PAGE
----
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Drought and land-cover conditions in the Great Plains

September 7, 2018

Land–atmosphere interactions play a critical role in the Earth system, and a better understanding of these interactions could improve weather and climate models. The interaction among drought, vegetation productivity, and land cover is of particular significance. In a semiarid environment, such as the U.S. Great Plains, droughts can have a large influence on the productivity of agriculture and grasslands, with serious environmental and economic impacts. Here, we used the vegetation drought response index (VegDRI) drought indicator to investigate the response of vegetation to weather and climate for land-cover types in the Great Plains in the United States from 1989 to 2012. We found that analysis that focused on land-cover types within ecoregion divisions provided substantially more and land-cover-based detail on the timing and intensity of drought than did summarizing across the entire Great Plains region. In the northern Great Plains, VegDRI measured more frequent drought impacts on vegetation in the western ecoregions than in the eastern ecoregions. Across the ecoregions of the Great Plains, drought impacts on vegetation were more commonly found in grassland than in cropland. For example, in the “Northwestern Great Plains” ecoregion (which encompasses areas of Montana, Wyoming, North Dakota, South Dakota, and Nebraska), grassland and nonirrigated cropland were observed in VegDRI to have historical fractional drought coverages in the growing season of 17% and 11%, respectively.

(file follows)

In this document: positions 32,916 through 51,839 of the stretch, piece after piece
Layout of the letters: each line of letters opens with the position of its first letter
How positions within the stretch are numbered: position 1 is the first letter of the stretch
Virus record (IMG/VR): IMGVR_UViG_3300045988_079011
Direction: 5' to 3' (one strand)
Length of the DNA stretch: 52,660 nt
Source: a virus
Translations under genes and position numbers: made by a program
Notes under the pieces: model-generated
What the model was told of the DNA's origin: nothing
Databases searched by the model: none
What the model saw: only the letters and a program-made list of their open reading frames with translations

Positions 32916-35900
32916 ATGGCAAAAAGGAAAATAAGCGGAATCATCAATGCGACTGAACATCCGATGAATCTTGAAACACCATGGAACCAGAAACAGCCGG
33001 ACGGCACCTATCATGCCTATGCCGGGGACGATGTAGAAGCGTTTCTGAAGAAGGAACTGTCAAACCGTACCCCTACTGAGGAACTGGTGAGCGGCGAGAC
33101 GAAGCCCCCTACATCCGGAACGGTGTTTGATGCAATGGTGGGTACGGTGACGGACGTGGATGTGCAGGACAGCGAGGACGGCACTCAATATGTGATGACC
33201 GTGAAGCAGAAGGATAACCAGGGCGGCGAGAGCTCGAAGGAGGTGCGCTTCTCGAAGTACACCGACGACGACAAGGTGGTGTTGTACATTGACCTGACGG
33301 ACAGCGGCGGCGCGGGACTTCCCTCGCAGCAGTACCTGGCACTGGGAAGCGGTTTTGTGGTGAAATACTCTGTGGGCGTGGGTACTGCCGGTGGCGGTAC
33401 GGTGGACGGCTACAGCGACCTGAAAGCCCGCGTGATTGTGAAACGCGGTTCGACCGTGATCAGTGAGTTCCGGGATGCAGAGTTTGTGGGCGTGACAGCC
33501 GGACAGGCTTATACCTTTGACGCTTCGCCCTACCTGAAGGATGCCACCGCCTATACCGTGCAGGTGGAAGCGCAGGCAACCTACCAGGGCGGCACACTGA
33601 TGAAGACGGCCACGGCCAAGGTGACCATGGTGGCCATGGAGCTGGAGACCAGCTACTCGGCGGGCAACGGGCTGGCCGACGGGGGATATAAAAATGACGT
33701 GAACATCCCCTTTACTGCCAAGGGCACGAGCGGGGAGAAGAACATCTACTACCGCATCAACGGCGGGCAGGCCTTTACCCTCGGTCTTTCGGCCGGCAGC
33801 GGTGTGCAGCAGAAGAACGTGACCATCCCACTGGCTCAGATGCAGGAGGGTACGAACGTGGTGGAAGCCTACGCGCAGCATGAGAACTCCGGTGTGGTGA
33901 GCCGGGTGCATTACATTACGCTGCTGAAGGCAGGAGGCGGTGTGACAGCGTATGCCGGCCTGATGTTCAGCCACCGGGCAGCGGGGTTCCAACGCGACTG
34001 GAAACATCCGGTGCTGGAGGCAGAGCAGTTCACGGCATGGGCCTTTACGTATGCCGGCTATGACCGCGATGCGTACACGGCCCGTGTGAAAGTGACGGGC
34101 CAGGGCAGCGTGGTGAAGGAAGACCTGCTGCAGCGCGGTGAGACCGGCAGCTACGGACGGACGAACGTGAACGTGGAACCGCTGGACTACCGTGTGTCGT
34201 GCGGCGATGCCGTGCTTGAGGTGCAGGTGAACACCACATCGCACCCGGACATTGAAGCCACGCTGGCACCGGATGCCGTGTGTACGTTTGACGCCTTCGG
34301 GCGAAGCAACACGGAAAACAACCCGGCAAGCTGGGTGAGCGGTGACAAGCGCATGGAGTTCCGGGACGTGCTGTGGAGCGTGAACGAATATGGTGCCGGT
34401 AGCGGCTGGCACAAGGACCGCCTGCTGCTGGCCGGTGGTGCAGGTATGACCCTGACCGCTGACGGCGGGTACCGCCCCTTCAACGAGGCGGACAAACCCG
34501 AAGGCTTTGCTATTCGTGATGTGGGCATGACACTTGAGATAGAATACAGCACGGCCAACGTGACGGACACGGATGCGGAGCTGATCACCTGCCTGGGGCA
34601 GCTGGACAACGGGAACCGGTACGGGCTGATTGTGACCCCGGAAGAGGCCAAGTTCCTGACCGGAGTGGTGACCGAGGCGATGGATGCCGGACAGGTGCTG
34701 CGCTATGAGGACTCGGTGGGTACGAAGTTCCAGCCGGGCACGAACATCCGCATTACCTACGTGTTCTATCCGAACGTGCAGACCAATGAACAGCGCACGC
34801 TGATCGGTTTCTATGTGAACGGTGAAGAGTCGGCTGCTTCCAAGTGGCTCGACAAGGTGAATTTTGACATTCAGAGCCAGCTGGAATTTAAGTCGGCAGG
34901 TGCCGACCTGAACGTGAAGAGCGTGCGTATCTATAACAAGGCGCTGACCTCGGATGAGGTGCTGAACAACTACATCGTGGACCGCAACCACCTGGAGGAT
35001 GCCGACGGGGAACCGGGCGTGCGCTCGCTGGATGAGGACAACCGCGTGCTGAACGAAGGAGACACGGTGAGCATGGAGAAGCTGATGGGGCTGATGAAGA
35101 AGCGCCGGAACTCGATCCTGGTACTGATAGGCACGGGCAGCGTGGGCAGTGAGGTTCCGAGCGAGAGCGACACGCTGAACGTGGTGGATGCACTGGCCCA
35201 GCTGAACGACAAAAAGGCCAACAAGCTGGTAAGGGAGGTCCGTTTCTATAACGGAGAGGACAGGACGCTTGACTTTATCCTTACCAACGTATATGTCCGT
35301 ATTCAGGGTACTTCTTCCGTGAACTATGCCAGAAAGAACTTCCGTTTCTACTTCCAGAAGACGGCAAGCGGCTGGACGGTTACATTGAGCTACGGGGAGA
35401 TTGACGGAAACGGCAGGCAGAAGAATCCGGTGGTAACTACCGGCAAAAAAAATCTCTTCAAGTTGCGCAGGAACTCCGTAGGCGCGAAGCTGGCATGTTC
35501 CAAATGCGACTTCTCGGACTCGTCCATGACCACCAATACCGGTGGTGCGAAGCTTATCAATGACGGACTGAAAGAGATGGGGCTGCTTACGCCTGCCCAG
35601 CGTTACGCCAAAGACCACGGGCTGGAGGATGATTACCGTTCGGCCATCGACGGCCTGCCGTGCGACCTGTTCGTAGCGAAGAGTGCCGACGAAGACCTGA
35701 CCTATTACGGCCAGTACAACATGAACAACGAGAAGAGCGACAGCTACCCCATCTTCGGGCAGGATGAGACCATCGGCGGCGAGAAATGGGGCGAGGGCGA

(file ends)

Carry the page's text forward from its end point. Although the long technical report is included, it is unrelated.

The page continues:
Publication Year 2018
Title Drought and land-cover conditions in the Great Plains
DOI 10.1175/EI-D-17-0025.1
Authors Heather J. Tollerud, Jesslyn F. Brown, Thomas Loveland, Rezaul Mahmood, Norman B. Bliss
Publication Type Article
Publication Subtype Journal Article
Series Title Earth Interactions
Index ID 70201057
Record Source USGS Publications Warehouse
USGS Organization Earth Resources Observation and Science (EROS) Center